Sometimes, we ophthalmologists—accustomed as we are to high-success rates with our therapeutic interventions—become inured to the impact our efforts can have on patients’ lives.
I was reminded of this while reading, “Washington: A Life,” by Ron Chernow. Chernow achieved fame more recently when his biography of Alexander Hamilton was turned into a rap music-filled, eponymous Broadway show whose tickets sell for a modest $1 million apiece.
The history of our founding fathers is a remarkable and complicated one. If anyone thinks today’s politics are uniquely partisan or vitriolic, they have not read Chernow’s two books.
Rebellion and mutiny
An exciting vignette in the biography of President George Washington relates to a series of mutinies that took place toward the end of the Revolutionary War. Unpaid and underfed militia members from the various rebellious states decided to challenge the Continental Congress and turn their arms on the founding fathers assembled in Philadelphia.
They were allegedly egged on by citizens who were owed large debts in the form of bonds issued by the underfunded Congress. Congress had been unresponsive to many entreaties to address the soldiers’ pay that was many months in arrears, and the debt holders would support the mutineers so that both could get paid.
By many accounts, there was a real risk of a military overthrow of the civilian government and either devolution into chaos or the emergence of a military ruler.
While this was going on, the 51-year-old Washington was under tremendous stress trying to keep the army together and bring the war with England to a successful conclusion.
He was having difficulty reading his papers and maps, and asked David Rittenhouse, an astronomer and optical expert, to create for him a pair of reading glasses.
“Little did Rittenhouse know, as he fashioned these spectacles,” says Chernow, “that they would soon serve as a key prop in one of the most emotionally charged scenes in American history.”
Washington learned that a group of his officers had called for a secret meeting to plan the coup details. While sympathetic to the soldiers who had not been paid, he considered mutiny to be the height of dishonor for a soldier. He therefore called his own meeting to upbraid the would-be conspirators.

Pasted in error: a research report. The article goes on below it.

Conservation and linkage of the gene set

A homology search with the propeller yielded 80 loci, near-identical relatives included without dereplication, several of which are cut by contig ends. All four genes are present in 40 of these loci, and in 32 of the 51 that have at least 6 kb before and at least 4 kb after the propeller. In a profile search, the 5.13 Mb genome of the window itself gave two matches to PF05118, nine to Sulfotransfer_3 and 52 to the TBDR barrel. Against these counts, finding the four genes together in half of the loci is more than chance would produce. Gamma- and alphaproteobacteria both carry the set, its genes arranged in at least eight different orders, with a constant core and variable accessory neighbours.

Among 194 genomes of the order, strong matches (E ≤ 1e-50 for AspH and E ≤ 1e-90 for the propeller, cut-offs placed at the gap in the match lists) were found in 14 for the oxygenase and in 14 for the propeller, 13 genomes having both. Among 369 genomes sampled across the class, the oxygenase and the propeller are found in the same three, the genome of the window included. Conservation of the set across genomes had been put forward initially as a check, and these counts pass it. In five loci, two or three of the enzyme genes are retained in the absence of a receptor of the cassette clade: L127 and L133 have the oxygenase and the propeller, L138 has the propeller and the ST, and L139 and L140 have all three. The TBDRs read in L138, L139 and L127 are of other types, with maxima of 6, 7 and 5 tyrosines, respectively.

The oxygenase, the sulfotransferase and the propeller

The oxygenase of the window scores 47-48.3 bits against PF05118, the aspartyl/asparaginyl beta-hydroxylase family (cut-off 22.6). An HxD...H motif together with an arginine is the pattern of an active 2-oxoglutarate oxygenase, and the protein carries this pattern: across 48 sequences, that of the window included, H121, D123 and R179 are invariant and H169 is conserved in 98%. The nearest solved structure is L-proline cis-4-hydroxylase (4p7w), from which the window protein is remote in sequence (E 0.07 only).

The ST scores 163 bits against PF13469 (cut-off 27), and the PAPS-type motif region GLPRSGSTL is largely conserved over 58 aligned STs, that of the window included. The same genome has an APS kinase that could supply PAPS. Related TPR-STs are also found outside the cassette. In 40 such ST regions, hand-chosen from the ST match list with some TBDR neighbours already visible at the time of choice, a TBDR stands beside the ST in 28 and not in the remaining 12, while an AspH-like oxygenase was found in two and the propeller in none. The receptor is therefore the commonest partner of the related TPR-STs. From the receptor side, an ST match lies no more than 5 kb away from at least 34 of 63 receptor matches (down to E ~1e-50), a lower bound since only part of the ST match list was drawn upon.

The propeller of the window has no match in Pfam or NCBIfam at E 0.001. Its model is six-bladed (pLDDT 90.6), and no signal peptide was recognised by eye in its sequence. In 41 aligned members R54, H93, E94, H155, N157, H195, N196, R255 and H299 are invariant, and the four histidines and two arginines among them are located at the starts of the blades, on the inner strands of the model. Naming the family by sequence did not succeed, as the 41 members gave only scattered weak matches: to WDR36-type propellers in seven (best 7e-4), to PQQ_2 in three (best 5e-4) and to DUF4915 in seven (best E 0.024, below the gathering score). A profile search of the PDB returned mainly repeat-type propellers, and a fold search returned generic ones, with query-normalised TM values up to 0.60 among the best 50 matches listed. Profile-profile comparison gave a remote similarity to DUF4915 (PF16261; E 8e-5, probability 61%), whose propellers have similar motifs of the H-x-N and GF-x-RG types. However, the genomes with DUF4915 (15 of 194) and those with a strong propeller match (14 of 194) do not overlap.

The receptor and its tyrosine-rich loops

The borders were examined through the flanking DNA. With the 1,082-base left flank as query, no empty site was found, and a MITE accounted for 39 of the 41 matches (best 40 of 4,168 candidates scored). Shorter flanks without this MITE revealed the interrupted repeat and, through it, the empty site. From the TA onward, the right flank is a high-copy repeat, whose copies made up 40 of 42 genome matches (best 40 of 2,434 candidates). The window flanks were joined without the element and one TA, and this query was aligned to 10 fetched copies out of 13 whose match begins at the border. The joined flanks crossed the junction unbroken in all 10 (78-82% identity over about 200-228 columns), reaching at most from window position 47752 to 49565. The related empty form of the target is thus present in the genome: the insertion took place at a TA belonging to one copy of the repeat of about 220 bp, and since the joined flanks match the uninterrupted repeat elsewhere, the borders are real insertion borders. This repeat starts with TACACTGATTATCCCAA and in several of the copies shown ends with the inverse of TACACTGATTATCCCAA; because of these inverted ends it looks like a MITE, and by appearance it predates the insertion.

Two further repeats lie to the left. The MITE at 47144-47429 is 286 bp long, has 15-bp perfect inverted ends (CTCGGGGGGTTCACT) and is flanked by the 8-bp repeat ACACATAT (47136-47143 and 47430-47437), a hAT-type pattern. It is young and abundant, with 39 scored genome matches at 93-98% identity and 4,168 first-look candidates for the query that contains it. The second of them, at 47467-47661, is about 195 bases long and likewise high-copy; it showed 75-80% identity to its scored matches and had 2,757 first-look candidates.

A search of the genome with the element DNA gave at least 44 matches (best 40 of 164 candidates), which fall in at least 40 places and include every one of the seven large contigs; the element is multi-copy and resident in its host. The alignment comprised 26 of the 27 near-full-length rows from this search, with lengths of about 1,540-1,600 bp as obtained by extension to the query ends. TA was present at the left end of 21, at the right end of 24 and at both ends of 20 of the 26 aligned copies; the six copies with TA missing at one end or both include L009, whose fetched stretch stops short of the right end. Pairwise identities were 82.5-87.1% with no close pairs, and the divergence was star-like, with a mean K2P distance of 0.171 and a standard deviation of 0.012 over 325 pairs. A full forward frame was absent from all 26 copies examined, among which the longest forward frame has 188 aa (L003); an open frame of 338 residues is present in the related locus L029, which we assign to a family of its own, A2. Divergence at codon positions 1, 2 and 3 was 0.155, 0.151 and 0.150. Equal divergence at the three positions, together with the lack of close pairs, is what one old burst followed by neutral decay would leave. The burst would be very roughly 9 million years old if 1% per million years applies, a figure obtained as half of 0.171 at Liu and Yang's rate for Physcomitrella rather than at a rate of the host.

Their general pleaded with his officers to oppose any man “who wickedly attempts to open the floodgates of civil discord and deluge our empire in blood.” He asked them to entrust Congress with more time to address their concerns, and began reading to them a letter from a sympathetic congressman.
Having difficulty reading the words, Washington shocked his younger fellow officers by pulling out his pair of reading glasses—something they had never witnessed before.
“Gentlemen, you must pardon me,” he said. “I have grown gray in your service and now find myself growing blind.”
According to Chernow, “the disarming gesture of putting on the glasses moved the officers to tears as they recalled the legendary sacrifices he had made for his country. The threat of a military takeover had been averted by Washington’s succinct, but brilliant, well-timed oratory.”
Another item of interest to ophthalmologists is the mention that one of Washington’s portraits, by Joseph Wright, documents “an important quirk of Washington’s face: the lazy right eye that slid off into the corner while the left eye stared straight ahead.”
Many artists who depicted our first president decided not to reveal his strabismus, as they presumably believed their art should depict the heroic figure without evidence of physical flaw.
Chernow R. Washington: A Life. New York: Penguin, 2010. pp. 432, 435, 509.